After substantial declines in November and December, this was the rebound in industrial production many had been hoping for at the start of 2019. Spain, France, Italy and the Netherlands all showed strong bounce backs in production at the start of the year, giving some hope the slowdown in the Eurozone economy could still be halted. All production categories saw output increase in January, with the strongest growth in energy and non-durable consumer goods production.
While this is positive news, there are some downsides. For example, Germany saw production decline, adding to doubts about the temporary nature of production weakness. Moreover, industrial production is a volatile indicator and surveys have already indicated continued weakness in February as well, with the PMI even indicating contraction in manufacturing in February. In that sense, Q1 industrial production is likely going to come in weak, before things may actually get better.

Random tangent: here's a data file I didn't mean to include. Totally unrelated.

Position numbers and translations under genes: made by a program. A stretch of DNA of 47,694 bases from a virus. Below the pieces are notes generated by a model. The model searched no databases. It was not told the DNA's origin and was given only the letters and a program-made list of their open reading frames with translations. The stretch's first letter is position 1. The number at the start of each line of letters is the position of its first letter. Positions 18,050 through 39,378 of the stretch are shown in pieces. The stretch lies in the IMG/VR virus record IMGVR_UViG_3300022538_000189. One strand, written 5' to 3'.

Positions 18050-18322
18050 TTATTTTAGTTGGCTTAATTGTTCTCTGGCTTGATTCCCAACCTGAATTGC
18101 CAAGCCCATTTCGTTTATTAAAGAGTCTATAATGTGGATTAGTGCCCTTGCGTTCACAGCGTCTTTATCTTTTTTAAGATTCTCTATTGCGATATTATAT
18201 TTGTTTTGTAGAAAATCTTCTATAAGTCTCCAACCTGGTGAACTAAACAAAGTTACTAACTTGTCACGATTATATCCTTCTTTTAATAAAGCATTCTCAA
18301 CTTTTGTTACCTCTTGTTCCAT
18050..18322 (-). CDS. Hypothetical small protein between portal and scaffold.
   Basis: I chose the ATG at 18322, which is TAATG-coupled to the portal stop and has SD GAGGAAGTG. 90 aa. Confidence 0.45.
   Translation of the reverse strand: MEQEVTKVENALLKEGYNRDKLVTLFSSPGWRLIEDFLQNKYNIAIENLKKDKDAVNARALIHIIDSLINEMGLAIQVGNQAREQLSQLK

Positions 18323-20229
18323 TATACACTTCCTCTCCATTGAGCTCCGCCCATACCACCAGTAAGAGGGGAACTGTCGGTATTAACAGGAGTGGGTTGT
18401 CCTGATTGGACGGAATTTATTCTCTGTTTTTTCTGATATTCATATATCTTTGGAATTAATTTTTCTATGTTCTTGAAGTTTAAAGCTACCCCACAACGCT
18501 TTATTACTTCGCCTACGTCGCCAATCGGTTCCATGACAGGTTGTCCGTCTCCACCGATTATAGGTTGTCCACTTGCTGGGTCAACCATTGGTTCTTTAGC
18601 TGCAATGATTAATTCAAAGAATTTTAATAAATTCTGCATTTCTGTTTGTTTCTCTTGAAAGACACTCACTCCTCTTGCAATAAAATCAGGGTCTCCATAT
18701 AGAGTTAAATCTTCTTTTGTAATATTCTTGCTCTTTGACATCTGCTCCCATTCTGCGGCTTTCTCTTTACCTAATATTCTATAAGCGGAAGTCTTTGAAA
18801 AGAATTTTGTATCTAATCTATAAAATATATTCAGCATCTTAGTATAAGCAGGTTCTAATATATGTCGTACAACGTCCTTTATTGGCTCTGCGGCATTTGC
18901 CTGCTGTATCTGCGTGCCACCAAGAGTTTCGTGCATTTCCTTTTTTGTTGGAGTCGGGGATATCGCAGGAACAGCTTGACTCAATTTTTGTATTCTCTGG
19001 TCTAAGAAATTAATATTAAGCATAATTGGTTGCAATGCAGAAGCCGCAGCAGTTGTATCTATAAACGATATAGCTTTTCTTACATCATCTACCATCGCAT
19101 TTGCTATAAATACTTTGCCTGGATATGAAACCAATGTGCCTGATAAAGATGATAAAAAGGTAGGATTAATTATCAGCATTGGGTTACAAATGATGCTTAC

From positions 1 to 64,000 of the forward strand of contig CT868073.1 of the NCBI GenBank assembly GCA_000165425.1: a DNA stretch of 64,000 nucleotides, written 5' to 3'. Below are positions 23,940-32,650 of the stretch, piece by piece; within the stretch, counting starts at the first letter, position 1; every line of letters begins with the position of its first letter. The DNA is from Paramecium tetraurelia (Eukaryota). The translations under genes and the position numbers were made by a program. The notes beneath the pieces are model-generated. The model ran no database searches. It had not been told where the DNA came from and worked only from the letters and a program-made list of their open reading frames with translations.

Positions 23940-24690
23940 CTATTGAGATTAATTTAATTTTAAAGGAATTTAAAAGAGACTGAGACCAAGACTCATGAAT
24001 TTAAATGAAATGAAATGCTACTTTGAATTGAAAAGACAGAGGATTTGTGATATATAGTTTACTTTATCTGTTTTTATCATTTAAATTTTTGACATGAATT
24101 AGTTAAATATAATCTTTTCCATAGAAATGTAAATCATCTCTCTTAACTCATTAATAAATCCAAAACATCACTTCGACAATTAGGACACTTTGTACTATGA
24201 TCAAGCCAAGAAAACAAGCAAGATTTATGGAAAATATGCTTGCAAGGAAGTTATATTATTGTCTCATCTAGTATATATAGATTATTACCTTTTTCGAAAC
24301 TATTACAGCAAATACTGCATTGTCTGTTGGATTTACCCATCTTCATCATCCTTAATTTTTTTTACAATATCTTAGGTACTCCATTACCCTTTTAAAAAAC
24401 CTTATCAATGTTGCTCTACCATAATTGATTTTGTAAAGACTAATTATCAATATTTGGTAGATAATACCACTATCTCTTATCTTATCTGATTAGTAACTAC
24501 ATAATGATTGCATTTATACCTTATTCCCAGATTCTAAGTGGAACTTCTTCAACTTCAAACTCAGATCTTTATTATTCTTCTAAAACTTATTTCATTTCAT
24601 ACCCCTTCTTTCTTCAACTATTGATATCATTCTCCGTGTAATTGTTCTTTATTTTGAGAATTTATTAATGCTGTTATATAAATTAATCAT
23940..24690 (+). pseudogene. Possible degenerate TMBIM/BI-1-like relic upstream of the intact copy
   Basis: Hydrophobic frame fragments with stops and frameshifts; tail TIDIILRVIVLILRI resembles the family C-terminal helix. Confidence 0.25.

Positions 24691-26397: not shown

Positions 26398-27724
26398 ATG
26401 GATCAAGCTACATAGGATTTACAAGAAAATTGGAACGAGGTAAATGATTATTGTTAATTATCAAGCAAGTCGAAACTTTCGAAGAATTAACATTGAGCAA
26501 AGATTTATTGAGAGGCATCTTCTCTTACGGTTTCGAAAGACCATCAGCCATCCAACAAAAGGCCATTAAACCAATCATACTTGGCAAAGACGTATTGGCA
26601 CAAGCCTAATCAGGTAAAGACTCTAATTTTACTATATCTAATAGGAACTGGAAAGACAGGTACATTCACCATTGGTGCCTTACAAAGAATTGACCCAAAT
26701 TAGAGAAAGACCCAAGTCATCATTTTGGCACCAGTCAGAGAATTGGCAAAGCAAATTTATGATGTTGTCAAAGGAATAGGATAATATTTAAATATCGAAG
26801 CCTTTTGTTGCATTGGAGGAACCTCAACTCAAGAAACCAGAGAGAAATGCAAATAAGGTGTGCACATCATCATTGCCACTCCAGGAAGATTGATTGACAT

Expectations of a structural rebound in industrial output remain alive, as the downward drag from temporary factors should fade out over the coming months. That leaves the negative impact from global economic factors that have been weighing on Eurozone industry and have caused new export orders to contract.
With Brexit and the US-China trade deal coming down to the wire, largely diverging production impacts can be expected with especially a 'no-deal' Brexit causing significant Eurozone production disruption. The outlook for industry, therefore, remains clouded by uncertainty.